A California hunter who took two big horn sheep in Nevada several years ago has ended up paying dearly for doing so.
Alan Edward Berryessa put in for Nevada resident hunting tags for 21 years. Although he was a second-generation rancher in Grass Valley, Calif., just over the Nevada state line, he said he had 21 years’ history of hunting in Nevada and having hunting licenses in Nevada. He lived, for a time, in Nevada but was ruled a non-resident by The Nevada Division of Wildlife (NDOW) after their investigation.
Berryessa agreed to plead guilty to “conspiracy to unlawful possession of a big game animal without a valid tag,” a gross misdemeanor. His plea agreement recommended a fine and probation. Berryessa has been charged in both Humboldt County and Mineral County.
Berryessa killed two highly-prized trophy big game animals. A California Bighorn Sheep was killed in Humboldt County and a Desert Bighorn Sheep was killed in Mineral County. He also faces charges in Mineral County and that sentencing has not yet happened.
The plea agreement he signed recommends that the $5,000 fine to be paid to NDOW and three years probation from Humboldt County and a $5,000 fine and three-years probation in Mineral County Whether the sentences will run concurrent or consecutive will be up to the Mineral County Judge.
“This is an issue where he believed he had residency for the purpose of having a Nevada hunting license,” Berryessa’s lawyer, William Jenea said. “Mr. Berryessa has never applied for a hunting license or tags in any other state and he was forthright with investigators.”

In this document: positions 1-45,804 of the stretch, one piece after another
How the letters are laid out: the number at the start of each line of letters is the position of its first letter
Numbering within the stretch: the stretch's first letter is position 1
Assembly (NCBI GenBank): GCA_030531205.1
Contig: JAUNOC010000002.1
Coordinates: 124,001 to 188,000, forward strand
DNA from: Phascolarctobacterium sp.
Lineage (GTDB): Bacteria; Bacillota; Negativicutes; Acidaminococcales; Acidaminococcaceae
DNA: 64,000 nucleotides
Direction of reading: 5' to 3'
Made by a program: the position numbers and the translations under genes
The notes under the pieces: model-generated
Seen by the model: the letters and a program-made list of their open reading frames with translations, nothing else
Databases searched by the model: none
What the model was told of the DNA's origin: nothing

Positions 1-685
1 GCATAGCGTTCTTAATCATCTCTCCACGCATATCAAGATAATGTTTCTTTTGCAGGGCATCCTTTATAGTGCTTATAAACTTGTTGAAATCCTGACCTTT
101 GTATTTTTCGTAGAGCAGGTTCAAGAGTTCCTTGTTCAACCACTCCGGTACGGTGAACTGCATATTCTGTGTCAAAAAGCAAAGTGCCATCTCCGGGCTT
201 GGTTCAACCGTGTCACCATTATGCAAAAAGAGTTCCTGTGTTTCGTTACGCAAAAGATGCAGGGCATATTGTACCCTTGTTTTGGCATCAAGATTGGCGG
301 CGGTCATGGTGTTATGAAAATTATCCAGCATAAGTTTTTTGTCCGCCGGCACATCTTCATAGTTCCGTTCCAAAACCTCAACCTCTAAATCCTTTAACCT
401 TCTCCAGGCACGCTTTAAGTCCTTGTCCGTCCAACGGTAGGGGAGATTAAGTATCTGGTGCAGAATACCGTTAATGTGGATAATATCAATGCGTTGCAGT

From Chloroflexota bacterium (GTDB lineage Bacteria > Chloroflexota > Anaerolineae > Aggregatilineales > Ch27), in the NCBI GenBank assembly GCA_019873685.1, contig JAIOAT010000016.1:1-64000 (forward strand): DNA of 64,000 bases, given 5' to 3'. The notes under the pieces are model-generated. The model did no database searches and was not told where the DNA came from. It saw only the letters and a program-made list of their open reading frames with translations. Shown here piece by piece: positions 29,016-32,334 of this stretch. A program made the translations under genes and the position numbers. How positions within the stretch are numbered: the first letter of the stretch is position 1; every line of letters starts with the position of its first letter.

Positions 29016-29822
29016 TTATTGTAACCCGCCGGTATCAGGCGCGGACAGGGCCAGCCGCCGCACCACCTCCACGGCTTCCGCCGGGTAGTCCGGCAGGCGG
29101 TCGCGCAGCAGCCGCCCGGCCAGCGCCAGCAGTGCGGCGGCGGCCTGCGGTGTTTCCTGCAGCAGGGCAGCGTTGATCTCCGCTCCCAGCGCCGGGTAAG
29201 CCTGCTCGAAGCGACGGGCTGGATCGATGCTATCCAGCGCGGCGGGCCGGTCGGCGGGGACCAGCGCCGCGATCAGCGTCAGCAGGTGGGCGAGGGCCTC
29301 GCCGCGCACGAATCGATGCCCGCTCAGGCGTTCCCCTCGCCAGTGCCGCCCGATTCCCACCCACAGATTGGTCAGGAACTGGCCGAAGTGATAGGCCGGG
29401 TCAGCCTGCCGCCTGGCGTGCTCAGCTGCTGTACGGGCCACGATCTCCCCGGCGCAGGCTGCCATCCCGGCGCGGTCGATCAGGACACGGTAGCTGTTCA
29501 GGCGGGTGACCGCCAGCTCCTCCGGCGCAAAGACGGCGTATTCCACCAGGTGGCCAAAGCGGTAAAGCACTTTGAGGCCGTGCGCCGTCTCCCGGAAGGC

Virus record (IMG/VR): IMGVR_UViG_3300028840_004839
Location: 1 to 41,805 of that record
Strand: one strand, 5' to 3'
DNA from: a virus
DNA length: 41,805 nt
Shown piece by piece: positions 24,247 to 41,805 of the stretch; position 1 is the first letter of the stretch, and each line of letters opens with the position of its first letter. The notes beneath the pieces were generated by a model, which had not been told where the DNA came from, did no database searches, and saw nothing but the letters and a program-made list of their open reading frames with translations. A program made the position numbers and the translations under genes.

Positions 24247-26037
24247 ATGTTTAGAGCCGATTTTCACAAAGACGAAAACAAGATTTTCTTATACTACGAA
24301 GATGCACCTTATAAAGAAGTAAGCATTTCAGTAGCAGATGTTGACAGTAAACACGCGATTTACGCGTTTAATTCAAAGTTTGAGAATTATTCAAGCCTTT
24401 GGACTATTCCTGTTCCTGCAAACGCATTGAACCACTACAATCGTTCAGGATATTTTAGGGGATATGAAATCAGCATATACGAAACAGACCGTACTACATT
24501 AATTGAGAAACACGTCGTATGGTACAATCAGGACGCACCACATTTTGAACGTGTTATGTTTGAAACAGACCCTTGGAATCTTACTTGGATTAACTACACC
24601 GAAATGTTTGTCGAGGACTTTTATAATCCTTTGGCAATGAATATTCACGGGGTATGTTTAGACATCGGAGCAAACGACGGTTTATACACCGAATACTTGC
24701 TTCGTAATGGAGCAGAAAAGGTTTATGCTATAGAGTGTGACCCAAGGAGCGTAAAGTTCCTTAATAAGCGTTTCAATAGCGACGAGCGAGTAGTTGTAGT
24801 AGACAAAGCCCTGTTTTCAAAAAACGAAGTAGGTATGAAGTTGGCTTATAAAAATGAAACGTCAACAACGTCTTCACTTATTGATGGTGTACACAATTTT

Deputy District Attorney Anthony Gordon said he had talked with an official at NDOW and was told NDOW appreciated the cooperation they received from Berryessa.
Berryessa said he put in for Nevada tags for 21 years as a resident.
“I doctor in Nevada, I spent nine days in the hospital in Nevada with cancer surgery. I considered myself a Nevada resident. I was fortunate enough after 20 and 21 years to draw the tags. Obviously somebody didn’t agree with it and the state came in (to investigate).
Sixth Judicial District Judge Michael Montero sentenced Berryessa in accordance with the plea agreement. He did not add a $2,000 civil penalty, which had been recommended by the Department of Parole and Probation.
“I have seen a few hunting-related cases come across the bench while I’ve been here,” Montero said. He noted that Berryessa had taken responsibility for his actions. The judge added that he had been glad to see that this was not a case of someone applying for in-state resident hunting tags in several states.
Berryessa was required to forfeit the two trophy heads he had in his possession from the Desert Big Horn Sheep and the California Big Horn Sheep he shot.